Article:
I am not a bread-nut. I’ve spent time over the last couple of years making a small radio series about bread because I’m interested in people. Bread is a culinary blank canvas, certainly in Europe and West Asia, and the tiny differences in the way we make it, think about it, revere it, celebrate with it, talk about it and so forth, tell us quite a lot about us.
Nevertheless I can’t help but suspect that when it’s broadcast that someone is going to ask me whether I can actually bake the stuff.
To whit about a month ago I started to get to grips with the task of baking a sourdough loaf. I turned to Chris Young of the Real Bread Campaign for advice and he simply pointed me towards a useful link explaining how to make a sourdough starter.
The thing that really grabbed me was the insistance that you give your starter(s) a name. Thus, I started mixing small amounts of rye flour and water together, stuck it in the airing cupboard, fed it 30g of rye flour and 30G of water daily and after about four of five days it began to bubble; and lo! ‘Daphne’ was born.
Daphne eventually gained a sibling, a wheat leaven I’ve called ‘Doris’.
I turned to Andrew Whitley’s ‘Bread Matters‘ for further guidance and followed the recipe for a Cromarty Cob (p198) using only Dove’s Farm’s so-called ‘heritage’ wholemeal (I say so-called because there’s some dispute over whether the wheat varieties used are truly heritage wheats). I won’t attempt to kid you. Daphne’s first offspring looked a little like a cowpat and had a leaden quality that meant it sat on my stomach like a rugby player in a collapsed scrum. I wouldn’t use that flour for breadmaking on its own again – though the flavour was good and it produced a good leaven.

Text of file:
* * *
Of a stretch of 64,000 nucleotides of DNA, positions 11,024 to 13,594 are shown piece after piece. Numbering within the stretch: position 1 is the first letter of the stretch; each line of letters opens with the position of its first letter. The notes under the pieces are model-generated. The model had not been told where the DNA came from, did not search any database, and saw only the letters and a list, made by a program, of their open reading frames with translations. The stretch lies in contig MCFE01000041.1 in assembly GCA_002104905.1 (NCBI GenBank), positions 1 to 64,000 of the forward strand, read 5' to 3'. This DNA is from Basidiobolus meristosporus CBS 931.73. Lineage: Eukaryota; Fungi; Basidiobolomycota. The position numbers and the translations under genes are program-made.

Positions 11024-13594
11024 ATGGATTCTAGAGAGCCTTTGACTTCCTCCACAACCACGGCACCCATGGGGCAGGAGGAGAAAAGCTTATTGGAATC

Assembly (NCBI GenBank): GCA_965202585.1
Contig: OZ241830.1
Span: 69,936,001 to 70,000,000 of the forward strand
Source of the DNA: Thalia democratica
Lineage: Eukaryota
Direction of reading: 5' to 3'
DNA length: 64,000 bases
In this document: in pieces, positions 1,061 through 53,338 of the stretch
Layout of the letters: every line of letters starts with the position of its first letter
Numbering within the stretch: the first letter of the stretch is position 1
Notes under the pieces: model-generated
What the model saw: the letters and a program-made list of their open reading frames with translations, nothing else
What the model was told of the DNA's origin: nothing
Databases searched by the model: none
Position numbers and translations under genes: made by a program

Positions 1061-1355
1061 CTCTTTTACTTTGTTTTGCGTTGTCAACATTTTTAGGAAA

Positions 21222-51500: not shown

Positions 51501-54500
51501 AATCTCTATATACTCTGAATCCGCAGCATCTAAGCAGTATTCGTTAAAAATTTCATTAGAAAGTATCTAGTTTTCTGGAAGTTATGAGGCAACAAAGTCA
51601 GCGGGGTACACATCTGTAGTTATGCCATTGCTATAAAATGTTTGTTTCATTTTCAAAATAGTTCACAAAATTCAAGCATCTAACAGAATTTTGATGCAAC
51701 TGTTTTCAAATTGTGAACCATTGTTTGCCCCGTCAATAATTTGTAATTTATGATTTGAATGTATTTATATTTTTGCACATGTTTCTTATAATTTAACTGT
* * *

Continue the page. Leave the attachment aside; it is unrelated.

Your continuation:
Four loaves later however and I think I’ve cracked it. Today’s loaf is one I’d be really happy to buy from an artisan baker- albeit as this one probably used about 850g of flour to produce a 1kg loaf I reckon it cost me about £1.10 in organic flour (not including electricity for the oven) as against about £3.00 if I’d bought it from a baker.
But the real lesson was just how robust and forgiving sourdough bread is in the making. Andrew W does his best to demystify the whole process but I reckon he could go even further.
I used his French Country Bread recipe (p182) and my wheat leaven. I left the bowl with the production leaven in covered with clingfilm in the sun for 4-5 hours, longer than Andrew recommended. It developed a thick skin.
Having made the dough and let it rest I lined a sieve with muslin, floured it and dropped the dough it – stood the sieve back in the bowl, popped the clingfilm over the top of the dough and put everything – dough, sieve and bowl – inside a plastic carrier bag and shoved it in the fridge because I didn’t want it prooving to fast. That was about 5pm yesterday.
My father took it out of the fridge before he went to bed and left it to proove overnight in the kitchen (which was quite cool – and not in the ‘hip’ sense). Twelve or thirteen hours later I shoved it in the oven on a heavy cast iron baking dish that had been heating up.
In short I did loads of things wrong. The dough went in the fridge. It was left out overnight. The production leaven had gone all crusty. Blah blah blah. (I think, however, that I did do something right in that I resisted the temptation to slash the top. Bad idea, even if it’s what you’re ‘told’ to do…)
The lesson being, people, that you don’t need to worry too much. A little practice (this was my fifth attempt, even maybe my fourth…I forget) and you soon realise you can make the process fit around your schedule quite easily.
The best bit is that it’s damned good and even better with a little Lord London cheese which I snaffled from my father. It’s not rocket science. It’s just flour, water and salt. If there’s anything really amazing about it, it’s that given how easy it can be why more of us don’t bake more often.